The Armenian opposition, which on Wednesday suspended its campaign of anti-government demonstrations, is criticized even by those newspapers that are not quite sympathetic to Robert Kocharian. In a commentary titled “Bazeyan has become unbearable,” “Haykakan Zhamanak” says the chairman of the Hanrapetutyun party and other opposition leaders have opted for a “ludicrous tactics” of avoiding direct attacks on Kocharian’s regime. It says the opposition’s move followed Kocharian’s warning that it should not take “irresponsible” actions. “It is obvious that the authorities will like the opposition’s decision not to hold more demonstrations,” the paper writes.
“Aravot” also does not hide its disappointment, saying: “The opposition is trying to persuade us that it still exists.”
Meanwhile, one of the most popular opposition figures, the HZhK’s Stepan Demirchian does not mince his words to describe the current authorities, in an interview with “Orran.” “The government’s greatest sin is that it is splitting the society and parties, and, having no popular support, is endlessly engineering political intrigues,” Demirchian says. He says the government views “confrontation,” rather than dialogue, as the only way of dealing with its opponents.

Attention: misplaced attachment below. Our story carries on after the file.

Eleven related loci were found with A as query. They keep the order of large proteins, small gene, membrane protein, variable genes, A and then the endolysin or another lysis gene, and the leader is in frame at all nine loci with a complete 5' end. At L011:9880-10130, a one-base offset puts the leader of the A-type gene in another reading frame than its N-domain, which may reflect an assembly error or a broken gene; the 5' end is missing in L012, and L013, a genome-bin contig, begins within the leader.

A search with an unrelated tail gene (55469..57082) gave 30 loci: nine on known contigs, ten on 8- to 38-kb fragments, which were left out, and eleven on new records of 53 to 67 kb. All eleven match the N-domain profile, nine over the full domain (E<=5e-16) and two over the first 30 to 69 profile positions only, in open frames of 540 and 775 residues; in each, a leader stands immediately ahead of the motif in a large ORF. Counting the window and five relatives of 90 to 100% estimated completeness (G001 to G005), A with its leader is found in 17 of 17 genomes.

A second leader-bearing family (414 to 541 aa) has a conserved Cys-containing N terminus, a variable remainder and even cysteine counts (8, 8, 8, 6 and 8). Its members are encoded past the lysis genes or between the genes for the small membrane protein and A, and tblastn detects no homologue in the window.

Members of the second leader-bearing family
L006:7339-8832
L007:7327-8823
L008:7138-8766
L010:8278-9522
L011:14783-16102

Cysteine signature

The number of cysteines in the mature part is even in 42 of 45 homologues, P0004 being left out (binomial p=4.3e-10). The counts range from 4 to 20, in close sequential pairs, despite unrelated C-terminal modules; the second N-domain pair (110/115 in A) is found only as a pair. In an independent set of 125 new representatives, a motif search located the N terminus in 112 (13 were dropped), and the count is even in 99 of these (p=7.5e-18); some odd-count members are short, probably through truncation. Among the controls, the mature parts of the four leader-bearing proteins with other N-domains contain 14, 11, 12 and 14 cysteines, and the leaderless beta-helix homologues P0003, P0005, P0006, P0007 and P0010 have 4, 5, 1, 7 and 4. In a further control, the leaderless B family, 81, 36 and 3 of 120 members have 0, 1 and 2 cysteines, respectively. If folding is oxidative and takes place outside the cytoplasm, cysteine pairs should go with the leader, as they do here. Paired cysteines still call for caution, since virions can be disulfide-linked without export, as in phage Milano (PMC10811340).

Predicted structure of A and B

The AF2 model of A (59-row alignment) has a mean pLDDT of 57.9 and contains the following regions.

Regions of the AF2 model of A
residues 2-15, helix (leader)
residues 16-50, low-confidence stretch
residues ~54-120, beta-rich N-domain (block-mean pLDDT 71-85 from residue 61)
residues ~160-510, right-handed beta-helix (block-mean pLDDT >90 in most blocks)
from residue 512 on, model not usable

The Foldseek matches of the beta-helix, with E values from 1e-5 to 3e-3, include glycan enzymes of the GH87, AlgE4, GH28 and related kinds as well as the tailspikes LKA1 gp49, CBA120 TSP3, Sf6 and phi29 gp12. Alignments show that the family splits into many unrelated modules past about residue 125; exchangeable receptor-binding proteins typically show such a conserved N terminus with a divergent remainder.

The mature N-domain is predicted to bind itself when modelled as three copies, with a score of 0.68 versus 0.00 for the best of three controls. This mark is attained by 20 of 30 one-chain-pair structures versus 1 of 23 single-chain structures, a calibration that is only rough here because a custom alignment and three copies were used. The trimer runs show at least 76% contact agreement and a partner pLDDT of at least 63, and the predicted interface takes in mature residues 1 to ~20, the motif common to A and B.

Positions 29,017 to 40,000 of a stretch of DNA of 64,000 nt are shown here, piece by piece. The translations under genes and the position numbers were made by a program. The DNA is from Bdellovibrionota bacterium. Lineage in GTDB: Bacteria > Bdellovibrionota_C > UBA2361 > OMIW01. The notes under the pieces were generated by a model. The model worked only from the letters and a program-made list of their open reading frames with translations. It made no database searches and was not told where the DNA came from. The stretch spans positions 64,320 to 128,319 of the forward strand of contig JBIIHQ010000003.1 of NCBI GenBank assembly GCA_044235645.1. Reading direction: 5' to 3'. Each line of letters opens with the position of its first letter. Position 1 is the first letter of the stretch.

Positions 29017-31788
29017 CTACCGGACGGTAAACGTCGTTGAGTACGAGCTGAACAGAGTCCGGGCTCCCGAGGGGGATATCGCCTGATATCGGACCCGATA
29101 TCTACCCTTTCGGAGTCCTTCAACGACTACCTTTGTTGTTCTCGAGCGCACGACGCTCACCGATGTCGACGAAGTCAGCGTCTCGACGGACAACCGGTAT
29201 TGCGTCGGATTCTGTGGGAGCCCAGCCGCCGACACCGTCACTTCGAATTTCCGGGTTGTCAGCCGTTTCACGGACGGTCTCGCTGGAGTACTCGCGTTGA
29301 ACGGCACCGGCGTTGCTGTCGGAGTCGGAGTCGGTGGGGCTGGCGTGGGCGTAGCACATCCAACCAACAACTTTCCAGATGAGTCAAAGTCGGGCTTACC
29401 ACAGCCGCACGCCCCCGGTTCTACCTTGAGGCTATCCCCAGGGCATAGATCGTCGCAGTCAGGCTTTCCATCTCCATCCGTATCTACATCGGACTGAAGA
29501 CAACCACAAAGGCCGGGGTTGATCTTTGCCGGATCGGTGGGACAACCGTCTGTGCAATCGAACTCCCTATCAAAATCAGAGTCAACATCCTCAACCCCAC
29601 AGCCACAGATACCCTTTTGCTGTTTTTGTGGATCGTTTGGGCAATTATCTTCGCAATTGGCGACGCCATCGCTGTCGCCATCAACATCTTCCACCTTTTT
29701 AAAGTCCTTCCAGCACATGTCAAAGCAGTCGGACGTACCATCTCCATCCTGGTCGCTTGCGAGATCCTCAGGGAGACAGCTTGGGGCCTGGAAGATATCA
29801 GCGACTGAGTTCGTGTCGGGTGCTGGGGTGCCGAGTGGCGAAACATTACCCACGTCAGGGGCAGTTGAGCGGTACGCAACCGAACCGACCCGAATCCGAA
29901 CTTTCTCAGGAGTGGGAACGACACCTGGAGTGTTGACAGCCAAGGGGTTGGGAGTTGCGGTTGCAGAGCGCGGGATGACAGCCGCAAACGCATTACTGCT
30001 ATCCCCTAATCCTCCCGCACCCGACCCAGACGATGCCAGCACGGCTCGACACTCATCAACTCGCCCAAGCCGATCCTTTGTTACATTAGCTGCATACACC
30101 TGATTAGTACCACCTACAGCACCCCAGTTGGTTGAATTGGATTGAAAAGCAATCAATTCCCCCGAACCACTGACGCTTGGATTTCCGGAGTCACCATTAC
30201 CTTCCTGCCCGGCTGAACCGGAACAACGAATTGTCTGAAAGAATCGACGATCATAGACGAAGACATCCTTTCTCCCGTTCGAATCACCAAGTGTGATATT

“Or” says the right-wing Armenian opposition allied with former president Levon Ter-Petrosian is turning increasingly “anti-Russian” as evidenced by former parliament speaker Babken Ararktsian’s latest charge that Moscow is carrying out a “genocide” in Chechnya. The paper views this position as too extreme. “One gets the impression that the maximalism of our political forces does not accept intermediate variants or the possibility of concessions,” the paper says. This raises the question of whether Armenia’s declared complementary foreign policy “corresponds at all to the traits and character of the Armenian nation.” “And are our political forces mature enough to stop thinking in a one-sided way and not to lose sight of our national interests behind those of the West and Russia?”
“Hayots Ashkhar” claims that the parliament’s ad hoc commission overseeing the parliament attack investigation is “about to disappear” after a one-year “fruitless” work.
“Azg” says the five parliament gunmen who have been standing trial for more than a year are behaving like they are confident they will walk after the court sessions are over. “Only idiots are capable of such cynicism,” the paper says.